Easy Kimchi Fried Cauliflower Rice
Meet your new favorite easy weeknight meal. This easy Kimchi Cauliflower Fried Rice is made with only a handful of ingredients and is Paleo, Whole 30, Gluten-Free, Dairy-Free, and good for your gut! Want a balanced weeknight meal that’s made in under 10 minutes? Give this Kimchi Cauliflower Fried Rice a try!
I’ve been on a kimchi kick lately and my taste buds and digestive system are thanking me! I love finding simple ways to incorporate kimchi into my meals because it’s flavorful and nutritious. What easier way to incorporate kimchi than in a kimchi fried rice recipe but made with cauliflower.
What is kimchi?
Kimchi is a staple in Korean cuisine. In short, it’s a fermented vegetable. There are numerous varieties of kimchi available, but the variety we’re most familiar with in the US is made from cabbage, salt and a variety of seasonings, like chili peppers, garlic, ginger, and onion.
Is kimchi healthy?
Yes! Cabbage is very low in calories (only 30 calories per cup) and is rich in vitamins, minerals, and antioxidants. Kimchi’s bright red color comes from the addition of red chili peppers. The spicy kick of these chili peppers is all thanks to capsaicin, a compound that provides unique health benefits including digestive health benefits, metabolism-boosting properties, and heart health support.
Kimchi’s trademark health benefit comes from the fermentation process used to make kimchi. Many bacteria are involved in the fermentation of kimchi, most notably lactic acid bacteria, which is why it’s considered a probiotic-rich vegetable. Probiotic bacteria are the “good guys” for digestion and gut health (read more on gut health and probiotics here), and kimchi is chock full of ‘em.
Where can you buy kimchi?
Kimchi used to only be available at specialty grocery stores, like the Korean American supermarket chain H Mart. Luckily, you can now find kimchi at most grocery stores, and even at Target! My favorite brand is Wildbrine Kimchi, which you can also buy online.
How do you make cauliflower rice?
Kimchi isn’t the only star of this show. When I first started putting this recipe together, I wondered how else I could boost the nutritional profile. Enter: cauliflower rice. Cauliflower rice is made from just one ingredient; you guessed it – cauliflower! I could talk about the health benefits of cauliflower all day… but in short, it’s a superfood powerhouse that’s rich in fiber and other disease-fighting nutrients.
You can make cauliflower rice at home by cutting a head of fresh cauliflower into florets and processing these florets in a food processor until rice-like consistency. Personally, I think that’s too much work! I like to buy frozen pre-riced cauliflower, which is available at most grocery stores. It’s more convenient, time-saving, and very affordable. I always have a few bags on hand in my freezer.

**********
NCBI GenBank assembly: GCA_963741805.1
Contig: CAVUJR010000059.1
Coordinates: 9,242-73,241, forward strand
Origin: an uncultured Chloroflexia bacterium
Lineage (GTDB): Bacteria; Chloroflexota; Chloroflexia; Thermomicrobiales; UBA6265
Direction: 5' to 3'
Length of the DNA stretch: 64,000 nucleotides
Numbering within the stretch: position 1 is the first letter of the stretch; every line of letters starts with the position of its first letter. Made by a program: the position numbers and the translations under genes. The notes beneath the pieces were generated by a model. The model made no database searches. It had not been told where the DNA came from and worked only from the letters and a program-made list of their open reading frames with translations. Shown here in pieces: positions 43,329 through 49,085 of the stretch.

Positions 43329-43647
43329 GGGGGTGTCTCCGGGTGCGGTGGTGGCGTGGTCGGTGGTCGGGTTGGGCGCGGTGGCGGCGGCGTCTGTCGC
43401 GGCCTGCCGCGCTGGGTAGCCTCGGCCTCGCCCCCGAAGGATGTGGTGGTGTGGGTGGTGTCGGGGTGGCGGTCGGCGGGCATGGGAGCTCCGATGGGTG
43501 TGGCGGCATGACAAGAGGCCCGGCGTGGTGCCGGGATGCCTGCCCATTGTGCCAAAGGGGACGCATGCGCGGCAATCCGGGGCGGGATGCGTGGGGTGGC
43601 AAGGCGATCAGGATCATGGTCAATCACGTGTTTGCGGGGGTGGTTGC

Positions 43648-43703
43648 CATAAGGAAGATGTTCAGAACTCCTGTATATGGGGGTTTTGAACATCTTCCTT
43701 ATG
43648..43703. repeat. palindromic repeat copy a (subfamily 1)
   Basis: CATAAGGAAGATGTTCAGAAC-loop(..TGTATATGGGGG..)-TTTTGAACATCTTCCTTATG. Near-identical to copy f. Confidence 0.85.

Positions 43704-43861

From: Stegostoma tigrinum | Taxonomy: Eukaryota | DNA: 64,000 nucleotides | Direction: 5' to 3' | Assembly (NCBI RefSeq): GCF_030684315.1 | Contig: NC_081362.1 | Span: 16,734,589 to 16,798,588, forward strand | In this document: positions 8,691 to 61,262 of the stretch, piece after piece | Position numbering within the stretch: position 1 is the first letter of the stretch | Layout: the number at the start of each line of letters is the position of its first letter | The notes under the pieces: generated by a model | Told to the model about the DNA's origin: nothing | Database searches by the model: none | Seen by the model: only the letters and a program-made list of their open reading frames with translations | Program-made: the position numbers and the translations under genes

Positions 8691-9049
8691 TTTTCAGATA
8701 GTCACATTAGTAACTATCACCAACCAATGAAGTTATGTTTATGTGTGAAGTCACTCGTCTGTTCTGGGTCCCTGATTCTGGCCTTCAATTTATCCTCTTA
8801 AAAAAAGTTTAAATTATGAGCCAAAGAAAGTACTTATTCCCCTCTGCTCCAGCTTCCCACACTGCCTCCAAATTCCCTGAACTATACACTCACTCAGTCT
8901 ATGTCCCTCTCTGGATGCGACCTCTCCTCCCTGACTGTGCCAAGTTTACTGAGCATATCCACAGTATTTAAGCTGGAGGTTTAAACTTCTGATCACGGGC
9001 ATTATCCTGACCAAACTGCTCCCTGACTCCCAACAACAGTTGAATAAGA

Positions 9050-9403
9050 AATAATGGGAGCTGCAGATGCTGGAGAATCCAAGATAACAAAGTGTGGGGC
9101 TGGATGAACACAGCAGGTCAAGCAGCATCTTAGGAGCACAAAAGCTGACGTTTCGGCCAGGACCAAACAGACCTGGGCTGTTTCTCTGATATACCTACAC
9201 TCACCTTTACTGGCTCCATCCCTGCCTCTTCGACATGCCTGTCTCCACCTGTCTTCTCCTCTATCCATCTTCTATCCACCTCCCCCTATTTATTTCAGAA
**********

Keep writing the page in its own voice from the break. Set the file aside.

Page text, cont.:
What You’ll Need to Make this easy Kimchi Fried Cauliflower Rice
Enough chatting, let’s get to it! For this recipe, you’ll need:
- Eggs: Eggs are added to give this dish a protein boost. If you are vegetarian or vegan, feel free to omit the eggs and use a plant-based protein option like tofu or seitan instead. If you simply don’t like eggs, you can use other animal-based protein options like cooked chicken, beef, pork, or shrimp.
- Toasted sesame oil: Sesame oil helps give this dish that authentic fried rice taste. If you don’t have sesame oil on hand and don’t plan on buying any, you can use olive oil.
- Garlic & ginger: I use fresh versions of these in the recipe, but you can use their dry counterparts if necessary. I find the dish to be tastier using the fresh versions.
- Kimchi: This is the star of the dish! It gives this easy fried rice meal a spicy kick that’s also good for your gut. My favorite brand is Wildbrine kimchi.
- Cauliflower rice: Like I mentioned earlier, I like to use pre-riced frozen cauliflower rice, but feel free to make it yourself using a fresh head of cauliflower. You can also used pre-cooked white or brown rice, or even quinoa in this dish.
- Coconut aminos: Coconut aminos has a distinct flavor similar to soy sauce but without the soy. If you don’t have in on hand, you can use regular soy sauce or tamari. Coconut aminos is naturally gluten-free, so if you’re gluten intolerant but don’t want to use coconut aminos, be sure to look for a soy sauce or tamari that’s labeled gluten-free.
- Green onions: I like to use both the white and green parts of green onions. The white parts are great for sautéing, and the green parts are used more as a garnish.
Let’s get cooking! If you make this recipe I’d love to see it! Feel free to share on Instagram and tag me @shapedbycharlotte so I can see it.
- 4 eggs
- 2 tsp toasted sesame oil (or olive oil)
- 2 green onions (white and green parts), thinly sliced
- 2 small cloves garlic, minced or pressed
- 1 tsp grated fresh ginger
- 1 cup kimchi
- 1, 10 – 12 oz. bag frozen cauliflower rice*
- 2 – 3 Tbsp coconut aminos (or reduced-sodium tamari or soy sauce)**
- Optional: sriracha or hot sauce to taste, for extra spice
- Cook eggs (scrambled style) in a medium-sized skillet greased with cooking spray; set aside. Heat sesame oil in same skillet over medium heat. Add garlic, ginger, and white parts of green onions, and cook until fragrant, about 1 to 2 minutes.
- Add kimchi and sauté until some of the liquid has evaporated, about 2 to 3 minutes.
- Add cauliflower rice and coconut aminos and cook until rice is heated through but no mushy, about 3 to 5 minutes.
- Stir in eggs and remove from heat. Top with green onion and serve!
*You can also make cauliflower rice at home by cutting a head of fresh cauliflower into florets and processing these florets in a food processor until rice-like consistency. Personally, I think that’s too much work!
**If gluten-free, be sure to use coconut aminos or a tamari/soy sauce that is labeled "gluten-free".
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